*Provides a geologist’s perspective on the unique andesite rocks used in construction of Saqsaywaman.
Harvey, Katherine, and Valencia A. Harvey. Saqsaywaman. Cusco: Centro Cósmico Andino, 2000.
*Spanish-language book discusses religious and cosmic significance of Saqsaywaman.
Malpass, Michael A. Daily Life in the Inca Empire. Westport, Conn: Greenwood Press, 1996.
*Provides broad overview of ancient Inca way of life. According to Handbook of Latin American Studies review, Malpass “Looks at everyday life in the Inca empire, based on current research. Reconstructs Inca way of life using information on life-cycle events, food and drink, dress and ornaments, recreation, religious rituals, the calendar, and the labor tax.”
Niles, Susan A. The Shape of Inca History: Narrative and Architecture in an Andean Empire. Iowa City: University of Iowa Press, 1999.
*Explores connection between history/historical narrative and architecture in Inca society, with special emphasis on time of Huayna Capac’s reign. From the book jacket: “Susan Niles considers the ways in which the Inca concept of history informed their narratives, rituals, and architecture. Using sixteenth-century chronicles of Inca culture, legal documents from the first generation of conquest, and field investigation of architectural remains, she strategically explores the interplay of oral and written histories with the architectural record and provides a new and exciting understanding of the lives of the royal families on the eve of conquest.”
Wright, Kenneth R, and Zegarra A. Valencia. Machu Picchu: A Civil Engineering Marvel. Reston, VA: American Society of Civil Engineers, 2000.
*Thorough exploration of various engineering aspects of Machu Picchu. Includes chapters on hydraulic engineering, irrigation, construction of stone walls, and others. Concludes with a civil engineering tour of Machu Picchu.
Encyclopedia Britannica entry for “Inca:”
Provides broad overview of Inca history, language, social structure, engineering practices and religious beliefs. Includes a wide variety of links to other informative Britannica pages on Inca art, architecture, history, and language.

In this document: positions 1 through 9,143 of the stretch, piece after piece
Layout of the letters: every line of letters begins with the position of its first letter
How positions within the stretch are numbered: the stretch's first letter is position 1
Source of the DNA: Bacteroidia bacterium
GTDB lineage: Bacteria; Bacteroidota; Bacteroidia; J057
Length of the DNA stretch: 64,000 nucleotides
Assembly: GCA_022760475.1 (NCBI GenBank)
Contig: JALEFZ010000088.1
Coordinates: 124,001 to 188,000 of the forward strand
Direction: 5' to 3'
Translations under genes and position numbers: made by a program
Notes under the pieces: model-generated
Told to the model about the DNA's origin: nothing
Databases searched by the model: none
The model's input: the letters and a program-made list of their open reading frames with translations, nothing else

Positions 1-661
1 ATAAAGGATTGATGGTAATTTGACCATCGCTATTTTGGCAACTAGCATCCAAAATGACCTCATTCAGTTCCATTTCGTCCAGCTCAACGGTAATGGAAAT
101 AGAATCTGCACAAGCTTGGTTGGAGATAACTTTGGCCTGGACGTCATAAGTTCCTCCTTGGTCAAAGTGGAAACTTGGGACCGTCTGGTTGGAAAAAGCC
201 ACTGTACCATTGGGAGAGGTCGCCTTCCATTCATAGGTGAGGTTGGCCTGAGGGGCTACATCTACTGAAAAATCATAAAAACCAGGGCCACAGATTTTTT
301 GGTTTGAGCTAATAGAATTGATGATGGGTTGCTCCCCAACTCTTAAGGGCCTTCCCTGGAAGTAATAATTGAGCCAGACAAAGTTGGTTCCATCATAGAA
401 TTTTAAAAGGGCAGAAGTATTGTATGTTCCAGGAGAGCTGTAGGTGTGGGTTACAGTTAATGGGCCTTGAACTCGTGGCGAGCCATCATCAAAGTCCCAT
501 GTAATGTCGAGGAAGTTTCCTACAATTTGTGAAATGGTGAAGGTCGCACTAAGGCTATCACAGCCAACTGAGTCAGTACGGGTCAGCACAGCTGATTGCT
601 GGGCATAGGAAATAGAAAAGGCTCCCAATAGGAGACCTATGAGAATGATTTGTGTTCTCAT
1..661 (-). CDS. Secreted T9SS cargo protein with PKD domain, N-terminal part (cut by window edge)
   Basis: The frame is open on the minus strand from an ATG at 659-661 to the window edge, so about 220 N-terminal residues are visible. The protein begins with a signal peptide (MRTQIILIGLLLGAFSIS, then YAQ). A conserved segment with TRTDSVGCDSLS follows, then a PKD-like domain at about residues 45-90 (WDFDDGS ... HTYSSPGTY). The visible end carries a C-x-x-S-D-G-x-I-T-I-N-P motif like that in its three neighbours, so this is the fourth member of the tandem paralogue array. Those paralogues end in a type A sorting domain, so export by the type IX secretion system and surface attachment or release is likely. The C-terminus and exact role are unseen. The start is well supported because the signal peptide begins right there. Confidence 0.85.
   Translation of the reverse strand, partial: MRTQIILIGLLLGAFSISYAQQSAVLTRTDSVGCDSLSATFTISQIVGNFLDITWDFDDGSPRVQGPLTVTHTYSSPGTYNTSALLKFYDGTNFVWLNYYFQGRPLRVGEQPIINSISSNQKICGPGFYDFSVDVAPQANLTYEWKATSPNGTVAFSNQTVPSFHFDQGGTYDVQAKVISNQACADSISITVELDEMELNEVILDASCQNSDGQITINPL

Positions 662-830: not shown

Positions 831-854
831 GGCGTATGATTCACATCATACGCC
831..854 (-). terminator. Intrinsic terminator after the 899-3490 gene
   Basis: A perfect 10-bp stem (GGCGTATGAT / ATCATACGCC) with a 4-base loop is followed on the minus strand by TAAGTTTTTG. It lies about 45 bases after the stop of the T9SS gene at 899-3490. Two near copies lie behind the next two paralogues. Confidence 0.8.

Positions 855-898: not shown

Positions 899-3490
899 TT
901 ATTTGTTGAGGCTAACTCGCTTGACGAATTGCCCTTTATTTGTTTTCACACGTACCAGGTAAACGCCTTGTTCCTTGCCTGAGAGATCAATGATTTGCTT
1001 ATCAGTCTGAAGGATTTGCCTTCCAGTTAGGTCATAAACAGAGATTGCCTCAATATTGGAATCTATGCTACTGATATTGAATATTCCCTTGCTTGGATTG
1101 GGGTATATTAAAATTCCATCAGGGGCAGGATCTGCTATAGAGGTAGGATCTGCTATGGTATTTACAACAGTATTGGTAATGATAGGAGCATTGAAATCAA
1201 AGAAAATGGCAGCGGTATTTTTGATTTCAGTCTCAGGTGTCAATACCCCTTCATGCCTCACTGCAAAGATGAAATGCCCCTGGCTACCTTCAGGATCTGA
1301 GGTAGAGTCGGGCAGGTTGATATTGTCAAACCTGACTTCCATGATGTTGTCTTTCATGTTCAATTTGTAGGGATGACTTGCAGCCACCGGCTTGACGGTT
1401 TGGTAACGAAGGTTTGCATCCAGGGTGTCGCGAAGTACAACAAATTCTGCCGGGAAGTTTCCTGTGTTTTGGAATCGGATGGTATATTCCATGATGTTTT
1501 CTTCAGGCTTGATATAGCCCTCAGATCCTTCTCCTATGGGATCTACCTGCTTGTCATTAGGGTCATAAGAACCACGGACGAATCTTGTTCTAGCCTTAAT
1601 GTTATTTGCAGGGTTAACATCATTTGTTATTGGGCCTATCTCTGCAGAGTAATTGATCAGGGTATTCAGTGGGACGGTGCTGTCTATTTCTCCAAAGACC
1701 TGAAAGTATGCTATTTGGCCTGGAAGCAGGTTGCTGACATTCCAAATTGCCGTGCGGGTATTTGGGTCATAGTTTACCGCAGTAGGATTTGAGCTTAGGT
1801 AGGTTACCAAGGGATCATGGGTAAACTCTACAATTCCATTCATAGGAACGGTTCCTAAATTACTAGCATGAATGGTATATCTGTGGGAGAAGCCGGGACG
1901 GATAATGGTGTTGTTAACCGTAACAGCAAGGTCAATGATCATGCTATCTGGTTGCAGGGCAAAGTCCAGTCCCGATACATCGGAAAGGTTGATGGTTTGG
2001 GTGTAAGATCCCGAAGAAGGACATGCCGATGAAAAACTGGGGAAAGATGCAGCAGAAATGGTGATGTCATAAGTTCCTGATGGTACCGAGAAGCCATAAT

National Geographic “Inca Empire” site:
Interactive website hosts article on current archaeological and academic efforts to more fully understand the ancient Incas. Discusses Inca history and civilization. Links to a variety of pages on Inca architecture and organization, Hiram Bingham’s excavation expedition, and more.
British Museum page on Incas:
Short article gives broad overview of Inca life, economics, politics, and religion. Includes snippet on Inticancha (Coricancha) and links to Inca artifacts housed at the museum.
UNESCO World Heritage Site page on Machu Picchu:
Multimedia page presents information on the history and cultural significance of Machu Picchu among the Incas. Also includes variety of links to other informative pages.
Map of Machu Picchu:
Drawn map locates sites of funerary and religious rituals.
UNESCO World Heritage Site “City of Cuzco” page:
Multimedia page includes a wide variety of cultural and historical information about Cuzco, Peru. Discusses historical and architectural encounters between Inca and Spanish peoples as they are manifested in the city of Cuzco.
Official Municipality of Cuzco government website:
Spanish-language site features current events and news items for Cuzco.
University of Pennsylvania page on Chicha:
Includes discussion of ceremonial significance of the beer-like Inca beverage.
--Adam Iddings, 2013